Days after a gunman killed 11 worshipers and injured six others in a mass shooting at a Pittsburgh synagogue, the Temple Brith Sholom congregation in Erie was outnumbered at its first Sabbath service since the attack.
“We filled the entire sanctuary with people from all over the city, not just Jews,” said Jeff Pinski, Temple Brith Sholom parishioner and board member. “We were actually outnumbered by non-Jews, including civil servants. It was a show of solidarity that we all just hold dear.”
Also in attendance that day were members of the Erie Bureau of Police Special Weapons and Tactics Team.
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Within days of the Oct. 27, 2018 mass shooting at the Tree of Life synagogue in the Squirrel Hill neighborhood of Pittsburgh, Temple Brith Sholom officials took action to make their temple more secure, said Pinski, who is also in charge of security.
Temple Brith Sholom, which has fewer than 100 members, now has armed security at all services in its synagogue, which shares a building with the Jefferson Educational Society at 32nd and State Streets in Erie. A number of other security measures have also been implemented, Pinski said.
“Unfortunately, that was something that had to happen after the Tree of Life situation,” he said.
Temple Brith Sholom is not the only one to review and address security at an Erie-area place of worship following the events of October 27, 2018. Churches of all faiths in the region have been taking a closer look at how to protect their facilities and those who come to prayer and have taken steps to improve security, partly with the help of government grants.
Shootings at places of worship are a worrying trend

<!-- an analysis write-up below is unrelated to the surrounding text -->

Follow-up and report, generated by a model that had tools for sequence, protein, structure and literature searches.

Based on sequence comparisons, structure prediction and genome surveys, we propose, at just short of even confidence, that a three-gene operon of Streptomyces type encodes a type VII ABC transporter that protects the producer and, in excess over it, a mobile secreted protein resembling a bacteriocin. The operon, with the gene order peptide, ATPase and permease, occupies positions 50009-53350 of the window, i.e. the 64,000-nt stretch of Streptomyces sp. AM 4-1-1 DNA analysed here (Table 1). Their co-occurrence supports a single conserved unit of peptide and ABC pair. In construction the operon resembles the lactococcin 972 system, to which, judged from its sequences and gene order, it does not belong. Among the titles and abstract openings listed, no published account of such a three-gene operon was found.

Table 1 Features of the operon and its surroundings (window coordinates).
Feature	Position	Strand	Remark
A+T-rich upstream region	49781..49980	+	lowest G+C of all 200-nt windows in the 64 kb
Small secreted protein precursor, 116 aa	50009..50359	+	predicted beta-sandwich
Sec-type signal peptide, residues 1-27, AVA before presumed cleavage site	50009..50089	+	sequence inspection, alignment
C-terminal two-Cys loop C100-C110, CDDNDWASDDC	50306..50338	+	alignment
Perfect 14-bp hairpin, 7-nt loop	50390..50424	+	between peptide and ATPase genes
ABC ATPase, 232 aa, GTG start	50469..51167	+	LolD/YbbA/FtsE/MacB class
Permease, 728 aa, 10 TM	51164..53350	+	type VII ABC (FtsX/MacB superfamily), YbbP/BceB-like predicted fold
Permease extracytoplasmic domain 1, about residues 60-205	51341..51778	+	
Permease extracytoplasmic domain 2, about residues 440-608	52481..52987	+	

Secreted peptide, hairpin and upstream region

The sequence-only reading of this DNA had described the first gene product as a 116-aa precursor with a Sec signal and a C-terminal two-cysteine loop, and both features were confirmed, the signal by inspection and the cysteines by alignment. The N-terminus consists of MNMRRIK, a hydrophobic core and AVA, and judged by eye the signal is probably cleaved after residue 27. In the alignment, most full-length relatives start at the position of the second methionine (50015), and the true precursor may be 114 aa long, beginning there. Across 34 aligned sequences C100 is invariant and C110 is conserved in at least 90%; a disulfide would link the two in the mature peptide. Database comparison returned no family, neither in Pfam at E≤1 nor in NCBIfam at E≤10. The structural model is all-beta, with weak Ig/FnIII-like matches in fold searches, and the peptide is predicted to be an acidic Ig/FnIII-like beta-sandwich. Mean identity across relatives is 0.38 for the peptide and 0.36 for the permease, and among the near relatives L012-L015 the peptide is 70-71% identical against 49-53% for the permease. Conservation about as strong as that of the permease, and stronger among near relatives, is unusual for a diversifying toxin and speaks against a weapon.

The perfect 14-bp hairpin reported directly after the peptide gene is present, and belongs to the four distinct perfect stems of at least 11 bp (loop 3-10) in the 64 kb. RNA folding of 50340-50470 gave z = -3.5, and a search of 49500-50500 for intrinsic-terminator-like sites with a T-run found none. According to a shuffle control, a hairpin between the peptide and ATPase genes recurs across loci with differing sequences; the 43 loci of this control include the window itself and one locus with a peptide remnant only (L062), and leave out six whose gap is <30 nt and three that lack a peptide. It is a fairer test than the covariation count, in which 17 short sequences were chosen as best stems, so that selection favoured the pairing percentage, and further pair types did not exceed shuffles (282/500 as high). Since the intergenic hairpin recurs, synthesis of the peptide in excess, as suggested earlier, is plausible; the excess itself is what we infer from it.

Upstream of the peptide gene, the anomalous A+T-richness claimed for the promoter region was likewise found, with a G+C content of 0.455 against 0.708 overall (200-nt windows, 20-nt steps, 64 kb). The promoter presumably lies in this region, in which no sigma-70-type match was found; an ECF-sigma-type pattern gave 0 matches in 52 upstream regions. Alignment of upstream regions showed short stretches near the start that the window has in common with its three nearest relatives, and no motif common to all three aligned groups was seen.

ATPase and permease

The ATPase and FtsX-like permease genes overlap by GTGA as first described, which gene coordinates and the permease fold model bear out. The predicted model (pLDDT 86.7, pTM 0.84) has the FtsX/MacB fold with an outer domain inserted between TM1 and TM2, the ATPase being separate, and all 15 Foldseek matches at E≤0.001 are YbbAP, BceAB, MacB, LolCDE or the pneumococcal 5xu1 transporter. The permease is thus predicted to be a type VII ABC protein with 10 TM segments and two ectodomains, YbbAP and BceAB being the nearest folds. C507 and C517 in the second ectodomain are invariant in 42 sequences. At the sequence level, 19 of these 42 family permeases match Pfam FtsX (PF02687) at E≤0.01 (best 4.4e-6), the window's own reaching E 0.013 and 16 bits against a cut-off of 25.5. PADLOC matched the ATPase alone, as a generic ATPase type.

The shooting of the tree of life – with that synagogue’s proximity to the Erie region – sparked a series of reappraisals for sites like Temple Anshe Hesed in Millcreek Township, its Rabbi Rob Morais said. In addition, there have been increasing anti-Semitic incidents and crimes across the country and around the world in recent years, he said.
The Anti-Defamation League reported in April that anti-Semitic incidents in the US hit an all-time high in 2021 with 2,717 incidents of assault, harassment and vandalism reported to the league. That was the highest number of incidents since the league began keeping records in 1979, according to a press release announcing the results.
According to the report, attacks on Jewish establishments, including synagogues, increased by 61% over the previous year.
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Morais said in response to the mounting incidents and in consultation with his partners Temple Anshe Hesed, which has a community of about 150 families, “has assessed and refocused our security to meet the current situation”.
Morais declined to go into the details of the synagogue’s security measures.
Capt. Carter Mook, a patrol officer for the Millcreek Township Police Department, said his department’s patrol officers had paid close attention to the temple during the hours of its services since the shooting at the Tree of Life.
The Erie Bureau of Police and the Pennsylvania State Police do not offer regular enhanced patrols around places of worship in the city and surrounding areas, but will do so if alerted or requested to do so by an incident, officials from both agencies said.
The Catholic Diocese of Erie allows parishes to create security plans
The Catholic Diocese of Erie began looking more deeply into the issue of security a few years ago, its chancellor, the Rev. Christopher Singer, said. He said talks had been held between the diocesan Council of Priests, representatives of Catholic schools and diocesan offices in Erie.
“What we decided at that point in terms of communities was basically that communities are free to work alone or with neighboring communities if they want to put together specific plans,” Singer said.
Noting that the diocese, which has 13 districts, is diverse, Singer said concerns varied widely among its regions.
“It made more sense for communities to work at the regional level, and many have done so,” he said. “Often they’ve worked with their own community members involved in public safety, law enforcement, maybe retired law enforcement, and they’re looking at their facilities, doors and exits and coming up with their own plan.”